Over the past 20 years Craig Kraft has gained national recognition for his spirit and innovation in creating original works of art and advancing the techniques he has developed working with neon. He is one of only a handful of light artists in the world who bends his own glass and is respected for his ability to precisely manipulate the figure and light to capture his unique artistic vision.
Kraft has been published in over 25 books, magazines and newspaper articles and has interviewed for T.V. on Fox News, CBS and PBS. His works have been featured in over 60 exhibits throughout the US (8 solo) and remain on display in a number of prominent corporate and public collections. Among his most recent accomplishments are neon illuminated, life-size body casts which have been sited outdoors at North Carolina University, Cullowhee Campus, and at Socrates Sculpture Park, Long Island City, New York. In 1993 Kraft was awarded a Washington, D.C./N.E.A. visual arts grant and is presently a faculty member of the Smithsonian Institution Studio Arts Program. His neon/light workshops, which are popular with people from all walks of life, are quickly sold out.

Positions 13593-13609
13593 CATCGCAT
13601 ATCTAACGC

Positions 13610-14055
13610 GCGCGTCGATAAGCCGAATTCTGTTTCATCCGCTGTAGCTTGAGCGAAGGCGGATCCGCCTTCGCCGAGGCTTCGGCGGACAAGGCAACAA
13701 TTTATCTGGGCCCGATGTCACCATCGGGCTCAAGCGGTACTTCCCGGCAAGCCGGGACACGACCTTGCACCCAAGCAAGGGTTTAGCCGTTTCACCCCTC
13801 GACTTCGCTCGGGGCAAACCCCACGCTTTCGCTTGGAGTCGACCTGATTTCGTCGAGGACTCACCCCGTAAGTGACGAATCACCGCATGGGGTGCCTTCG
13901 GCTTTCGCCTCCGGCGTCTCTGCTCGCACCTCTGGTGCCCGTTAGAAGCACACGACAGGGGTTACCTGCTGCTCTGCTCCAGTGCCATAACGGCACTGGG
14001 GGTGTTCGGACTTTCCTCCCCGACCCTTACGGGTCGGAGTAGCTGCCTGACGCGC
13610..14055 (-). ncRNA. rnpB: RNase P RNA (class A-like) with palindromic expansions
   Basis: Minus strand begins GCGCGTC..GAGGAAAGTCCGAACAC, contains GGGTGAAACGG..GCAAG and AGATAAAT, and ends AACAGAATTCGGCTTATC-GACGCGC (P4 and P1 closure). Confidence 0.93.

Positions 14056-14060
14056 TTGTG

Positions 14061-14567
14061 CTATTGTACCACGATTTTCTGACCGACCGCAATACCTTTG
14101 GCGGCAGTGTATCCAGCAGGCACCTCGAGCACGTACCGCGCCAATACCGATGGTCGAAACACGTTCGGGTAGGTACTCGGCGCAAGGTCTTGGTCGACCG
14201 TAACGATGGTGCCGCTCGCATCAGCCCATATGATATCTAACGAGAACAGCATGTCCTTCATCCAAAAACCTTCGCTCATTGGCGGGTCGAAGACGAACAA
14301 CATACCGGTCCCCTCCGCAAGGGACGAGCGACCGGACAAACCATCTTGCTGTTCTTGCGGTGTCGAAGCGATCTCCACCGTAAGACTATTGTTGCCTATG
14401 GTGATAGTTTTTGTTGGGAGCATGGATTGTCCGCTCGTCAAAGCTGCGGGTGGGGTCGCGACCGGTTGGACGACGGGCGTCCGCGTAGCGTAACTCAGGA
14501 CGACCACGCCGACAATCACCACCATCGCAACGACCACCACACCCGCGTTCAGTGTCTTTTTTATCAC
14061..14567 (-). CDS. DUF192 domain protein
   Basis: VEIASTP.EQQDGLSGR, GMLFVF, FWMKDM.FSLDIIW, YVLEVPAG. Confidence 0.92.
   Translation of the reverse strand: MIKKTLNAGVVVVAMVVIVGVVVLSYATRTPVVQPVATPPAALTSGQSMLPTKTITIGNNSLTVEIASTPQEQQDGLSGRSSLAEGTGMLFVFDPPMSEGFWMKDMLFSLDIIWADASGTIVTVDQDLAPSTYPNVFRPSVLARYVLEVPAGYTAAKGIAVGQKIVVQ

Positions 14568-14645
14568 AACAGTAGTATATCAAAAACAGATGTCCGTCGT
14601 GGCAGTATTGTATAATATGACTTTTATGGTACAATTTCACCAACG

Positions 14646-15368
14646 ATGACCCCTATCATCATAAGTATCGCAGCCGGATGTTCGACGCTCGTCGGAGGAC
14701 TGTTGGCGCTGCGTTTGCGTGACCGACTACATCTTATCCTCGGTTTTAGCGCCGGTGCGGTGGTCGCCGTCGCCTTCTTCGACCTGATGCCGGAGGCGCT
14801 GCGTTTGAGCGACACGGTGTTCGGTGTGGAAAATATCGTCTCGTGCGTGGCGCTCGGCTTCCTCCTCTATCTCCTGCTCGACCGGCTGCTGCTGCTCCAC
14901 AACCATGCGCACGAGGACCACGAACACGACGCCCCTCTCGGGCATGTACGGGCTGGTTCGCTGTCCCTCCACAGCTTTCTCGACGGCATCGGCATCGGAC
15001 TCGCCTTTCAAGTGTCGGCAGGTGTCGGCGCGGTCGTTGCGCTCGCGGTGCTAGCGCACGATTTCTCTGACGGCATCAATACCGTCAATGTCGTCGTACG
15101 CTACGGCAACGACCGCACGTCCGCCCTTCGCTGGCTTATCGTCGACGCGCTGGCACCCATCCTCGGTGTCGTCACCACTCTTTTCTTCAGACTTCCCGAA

Kraft resides at 931 R St. NW Washington, D.C. 20001 with his wife, artist Adrienne Beck. His work can be seen at their home and studio- a historic Washington, D.C. firehouse. His pieces are for sale (price ranges from $2,000 to $22,000) and he is available for commissioned artwork. For information concerning the artworks or the neon/light workshops email at Neonman@aol.com.
#1 Falling Man (25k gif), life size, Forton MG, steel, neon, 1995, sited at Socrates Sculpture Park, Long Island City, NY. $22,000 - A negative body cast lit by hidden neon tubes on the edge. As the volume is filled with multi-colored light, the eerie, holographic style image projects backwards and then forward depending on the inclination of the viewer- a distinct light sculpture discovery by Kraft.
#2 Bondage With Hope, (28k gif) 28"x20"x4", bonded copper and neon, 1995 $3,200 - an archetypal body fragment with poignant backlighting